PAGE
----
Final preparations were made. They spent their last weekend with their families. They knew they might not ever return. On July 20, 1969, the crew flew face down through space, then flipped over and saw Earth one-quarter million miles away. They fired the engines when they were only 12 minutes from landing on the moon.

As they approached, the computer onboard became overloaded, lights began to flash in the cockpit, and a “program alarm” sounded off. Armstrong and Aldrin faced the Sea of Tranquility, the place where they were scheduled to land. Shockingly, it was a sea of rocks! Armstrong barely cleared the boulders and flew over the craters. Finally, he saw an open spot to land. He needed to come down perfectly or risk damaging the spacecraft. Astonishingly, they landed safely.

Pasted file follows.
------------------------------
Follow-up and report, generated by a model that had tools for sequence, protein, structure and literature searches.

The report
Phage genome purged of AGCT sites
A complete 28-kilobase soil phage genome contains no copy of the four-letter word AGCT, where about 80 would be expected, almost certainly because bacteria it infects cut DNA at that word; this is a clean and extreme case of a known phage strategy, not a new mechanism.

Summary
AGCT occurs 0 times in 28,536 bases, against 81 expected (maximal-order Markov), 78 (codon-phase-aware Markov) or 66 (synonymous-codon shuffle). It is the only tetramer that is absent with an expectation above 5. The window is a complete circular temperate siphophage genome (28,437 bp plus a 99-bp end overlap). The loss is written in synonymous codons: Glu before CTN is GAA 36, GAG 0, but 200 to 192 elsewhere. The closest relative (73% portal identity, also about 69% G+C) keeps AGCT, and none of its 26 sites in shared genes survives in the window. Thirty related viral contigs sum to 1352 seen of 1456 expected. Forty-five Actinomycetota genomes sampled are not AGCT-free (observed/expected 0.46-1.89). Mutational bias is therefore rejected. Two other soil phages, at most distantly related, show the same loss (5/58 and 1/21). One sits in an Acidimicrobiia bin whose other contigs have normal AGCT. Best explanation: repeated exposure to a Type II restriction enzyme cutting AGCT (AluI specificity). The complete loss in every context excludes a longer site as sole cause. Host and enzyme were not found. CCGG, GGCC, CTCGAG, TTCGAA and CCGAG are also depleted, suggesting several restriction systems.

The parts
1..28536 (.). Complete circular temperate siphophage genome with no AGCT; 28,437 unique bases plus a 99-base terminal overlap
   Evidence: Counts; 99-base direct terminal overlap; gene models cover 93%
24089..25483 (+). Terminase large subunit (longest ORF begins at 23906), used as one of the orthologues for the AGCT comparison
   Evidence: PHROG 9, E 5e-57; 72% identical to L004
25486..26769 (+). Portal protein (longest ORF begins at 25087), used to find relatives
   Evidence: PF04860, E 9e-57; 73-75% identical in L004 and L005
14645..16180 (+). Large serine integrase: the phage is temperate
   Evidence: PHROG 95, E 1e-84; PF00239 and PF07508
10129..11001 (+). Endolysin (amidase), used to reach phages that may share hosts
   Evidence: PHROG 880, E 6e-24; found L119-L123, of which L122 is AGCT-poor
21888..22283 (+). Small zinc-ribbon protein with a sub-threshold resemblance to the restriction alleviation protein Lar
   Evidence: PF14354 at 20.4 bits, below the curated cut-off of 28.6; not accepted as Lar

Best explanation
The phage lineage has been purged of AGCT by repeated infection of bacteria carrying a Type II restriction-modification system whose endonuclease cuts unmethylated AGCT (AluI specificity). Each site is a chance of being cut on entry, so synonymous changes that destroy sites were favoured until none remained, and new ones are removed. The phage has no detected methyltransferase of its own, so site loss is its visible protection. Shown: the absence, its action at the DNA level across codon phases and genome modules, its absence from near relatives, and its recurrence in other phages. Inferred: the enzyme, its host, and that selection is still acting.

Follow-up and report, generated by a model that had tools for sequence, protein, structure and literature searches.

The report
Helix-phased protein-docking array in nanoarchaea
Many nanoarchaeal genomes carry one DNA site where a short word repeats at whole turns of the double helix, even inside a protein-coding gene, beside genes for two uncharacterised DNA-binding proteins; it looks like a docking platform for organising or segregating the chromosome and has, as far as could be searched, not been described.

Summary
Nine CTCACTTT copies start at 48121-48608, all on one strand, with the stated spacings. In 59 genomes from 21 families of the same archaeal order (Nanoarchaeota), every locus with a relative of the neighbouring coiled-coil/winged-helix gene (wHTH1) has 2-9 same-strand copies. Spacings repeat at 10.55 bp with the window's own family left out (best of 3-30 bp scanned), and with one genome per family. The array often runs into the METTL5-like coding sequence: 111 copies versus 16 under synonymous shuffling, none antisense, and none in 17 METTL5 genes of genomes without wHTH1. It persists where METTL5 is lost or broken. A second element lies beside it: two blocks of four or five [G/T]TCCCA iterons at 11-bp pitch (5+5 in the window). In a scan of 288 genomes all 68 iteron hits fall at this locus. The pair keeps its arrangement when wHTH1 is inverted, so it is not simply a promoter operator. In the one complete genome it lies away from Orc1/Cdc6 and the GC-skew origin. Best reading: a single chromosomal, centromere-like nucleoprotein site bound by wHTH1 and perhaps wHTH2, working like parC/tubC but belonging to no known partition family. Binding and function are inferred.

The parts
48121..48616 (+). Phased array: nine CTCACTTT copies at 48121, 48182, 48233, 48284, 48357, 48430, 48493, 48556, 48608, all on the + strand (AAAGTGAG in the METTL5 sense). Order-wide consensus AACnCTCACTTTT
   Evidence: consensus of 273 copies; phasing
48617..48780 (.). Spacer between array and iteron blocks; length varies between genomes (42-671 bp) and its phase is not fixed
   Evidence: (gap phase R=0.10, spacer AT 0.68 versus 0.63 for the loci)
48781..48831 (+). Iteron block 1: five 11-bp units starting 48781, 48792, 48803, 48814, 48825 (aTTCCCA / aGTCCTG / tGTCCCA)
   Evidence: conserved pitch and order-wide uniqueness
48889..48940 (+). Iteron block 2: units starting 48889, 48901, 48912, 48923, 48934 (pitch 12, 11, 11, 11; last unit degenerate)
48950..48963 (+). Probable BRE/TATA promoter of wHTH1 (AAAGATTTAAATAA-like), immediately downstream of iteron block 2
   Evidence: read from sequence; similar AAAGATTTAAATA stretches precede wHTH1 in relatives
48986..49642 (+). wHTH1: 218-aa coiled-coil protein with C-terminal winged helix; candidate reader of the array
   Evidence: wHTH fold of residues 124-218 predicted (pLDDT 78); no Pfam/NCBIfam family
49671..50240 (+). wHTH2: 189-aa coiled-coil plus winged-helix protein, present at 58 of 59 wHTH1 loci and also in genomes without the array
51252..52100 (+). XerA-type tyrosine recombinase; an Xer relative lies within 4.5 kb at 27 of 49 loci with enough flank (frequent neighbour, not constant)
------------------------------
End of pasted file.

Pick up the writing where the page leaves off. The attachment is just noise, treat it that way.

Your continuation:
Armstrong climbed out of the spacecraft and positioned a television camera. Now over 600 million people could watch as he became the first man to touch the moon’s surface. He then spoke his famous words: “That’s one small step for man, one giant leap for mankind.”

Making the journey into the unknown is filled with uncertainty and unexpected events. However, the rewards can be monumental. By breaking the fear of the unknown, you open up possibilities to do what you have never done before and to be who you have never been before.

Many leaders live life wanting all the blanks filled in. They want to see the agenda, the plan, and every step to how everything is going to work. Before they get on board, they want to have everything explained. But, if you have lived long enough, you know that life does not work like that. Life does not give you all the answers ahead of time. Life does not fill in all the blanks for you. Neither does God.

Sometimes, you have to begin not knowing exactly how it is all going to work out. Life has a degree of uncertainty that is always present. To progress, you must become comfortable with uncertainty, and you must instill that in the people you lead.